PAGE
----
US-backed Air Raid in Yemen Kills 13 Teachers and Four Children
August 21, 2015
Jason Ditz / AntiWar.com & Agence France-Presse & Business Day Live & Carlo Angerer / NBC News
Saudi Arabia and its coalition partners are facing yet another round of condemnation today after an airstrike against northern Yemen's Amran Province killed 17 civilians, including 13 teachers and four children. 20 other civilians were wounded in the strike. The attack hit a building which houses the teachers union offices for the region. The children at the site were the children of teachers, who were playing outside when the strike hit.
Saudi Airstrike Hits Yemen
Neighborhood, Killing 17 Civilians
Jason Ditz / AntiWar.com
(August 20, 2015) -- Saudi Arabia and its coalition partners are facing yet another round of condemnation today after an airstrike against northern Yemen's Amran Province killed 17 civilians, including 13 teachers and four children. 20 other civilians were wounded in the strike.
The attack hit a building which houses the teachers union offices for the region, and staff were preparing make-up exams for students who had missed final exams because of the ongoing Saudi war. The children at the site were the children of teachers, who were playing outside when the strike hit.
Officials say the building also held an office of the General People's Congress Party, a political party that has supported the Shi'ite Houthis against whom the Saudis are at war. Witnesses claimed there was a meeting at that office as well, though the strike appears to have hit the teachers more directly. Unconfirmed reports have emerged of five Houthis were killed in the same attack.
The large civilian toll follows Saudi warplanes destroying the port at Hodeida earlier this week, a primary route through which humanitarian aid was reaching northern Yemen. That too sparked condemnation from aid groups, and today the European Union also blasted the move.
Saudi Arabia and its allies are conducting a naval blockade of Yemen, a nation which imports 90% of its food, almost entirely by sea. They have limited shipments of humanitarian goods to select ports, and from select shippers, and the destruction of Hodeida's port suggests that they intend to further cut off aid to the north, now that their allies are restricted to the southern port city of Aden and the surrounding area.
Saudi-led Yemen Raid
'Kills 13 Teaching Staff, Four Children'
SANAA (August 20, 2015) - A Saudi-led coalition air strike killed 13 teaching staff and four children in northern Yemen, in a raid apparently targeting Shiite rebels, medics and witnesses said Thursday. UNICEF condemned what it called Tuesday's "senseless bloodshed" in Amran province that it said killed 17 civilians and also injured 20 other people.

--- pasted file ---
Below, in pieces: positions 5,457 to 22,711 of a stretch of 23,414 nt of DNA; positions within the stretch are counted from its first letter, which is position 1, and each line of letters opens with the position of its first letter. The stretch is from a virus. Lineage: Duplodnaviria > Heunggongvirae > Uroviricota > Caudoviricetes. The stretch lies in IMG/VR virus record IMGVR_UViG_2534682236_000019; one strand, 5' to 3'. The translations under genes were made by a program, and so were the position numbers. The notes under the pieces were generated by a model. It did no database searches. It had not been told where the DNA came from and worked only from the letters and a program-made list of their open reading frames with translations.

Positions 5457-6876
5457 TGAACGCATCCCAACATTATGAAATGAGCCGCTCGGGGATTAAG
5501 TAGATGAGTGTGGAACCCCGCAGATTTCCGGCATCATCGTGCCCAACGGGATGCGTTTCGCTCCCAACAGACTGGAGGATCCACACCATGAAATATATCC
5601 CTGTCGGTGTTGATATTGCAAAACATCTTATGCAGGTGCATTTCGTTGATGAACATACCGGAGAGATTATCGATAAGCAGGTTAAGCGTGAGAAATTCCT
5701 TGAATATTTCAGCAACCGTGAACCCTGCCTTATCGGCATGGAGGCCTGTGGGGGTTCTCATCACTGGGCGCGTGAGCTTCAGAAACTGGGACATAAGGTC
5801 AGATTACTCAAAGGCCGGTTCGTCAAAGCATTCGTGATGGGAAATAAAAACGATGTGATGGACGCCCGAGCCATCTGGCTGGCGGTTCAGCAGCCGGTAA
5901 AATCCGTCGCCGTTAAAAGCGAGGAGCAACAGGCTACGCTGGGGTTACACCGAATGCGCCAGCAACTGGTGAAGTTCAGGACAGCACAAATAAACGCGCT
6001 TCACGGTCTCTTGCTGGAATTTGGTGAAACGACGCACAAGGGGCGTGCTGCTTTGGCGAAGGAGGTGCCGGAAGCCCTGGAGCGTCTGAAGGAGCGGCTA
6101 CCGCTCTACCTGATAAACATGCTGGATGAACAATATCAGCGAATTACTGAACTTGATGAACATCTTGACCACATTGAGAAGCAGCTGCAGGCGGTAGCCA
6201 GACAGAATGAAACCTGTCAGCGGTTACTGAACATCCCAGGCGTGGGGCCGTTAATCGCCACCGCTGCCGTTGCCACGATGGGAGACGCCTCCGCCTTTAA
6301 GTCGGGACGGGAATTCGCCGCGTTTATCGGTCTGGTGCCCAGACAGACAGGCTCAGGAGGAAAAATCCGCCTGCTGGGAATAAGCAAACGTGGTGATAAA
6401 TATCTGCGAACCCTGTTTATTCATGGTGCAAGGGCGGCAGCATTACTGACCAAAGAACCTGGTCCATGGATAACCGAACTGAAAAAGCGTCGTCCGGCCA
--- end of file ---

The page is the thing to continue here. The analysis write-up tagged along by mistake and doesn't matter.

Saudi Arabia has led an air war against Shiite Huthi rebels and their allies in neighbouring Yemen since March 26. Five Huthis were also killed in the strike, according to medical sources who gave the same civilian death toll of 17 including four children.
The raid hit a building housing offices for a teachers' union as well as the pro-rebel General People's Congress party during a meeting of Huthi militiamen, witnesses said.
The civilian victims have "paid a most terrible price in the continuing conflict in Yemen", UNICEF said. "The educators were gathered together to prepare exams for thousands of children who had missed the end of their school year because of this brutal conflict," the agency said.
"Working after hours, they had brought their children with them. Some of whom were playing outside when the bomb exploded," it said. "A selfless activity turned in a moment into senseless bloodshed."
Nearly 400 children have been killed and over 600 others injured in the past four months, according to UNICEF.
The United Nations says the war in Yemen has killed a total nearly 4,500 people, many of them civilians.
On Wednesday, the top UN aid official strongly criticised Saudi-led air strikes on the Yemeni port of Hodeida, a lifeline for imports of food, medicine and fuel. "These attacks are in clear contravention of international humanitarian law and are unacceptable," Stephen O'Brien told the United Nations Security Council.
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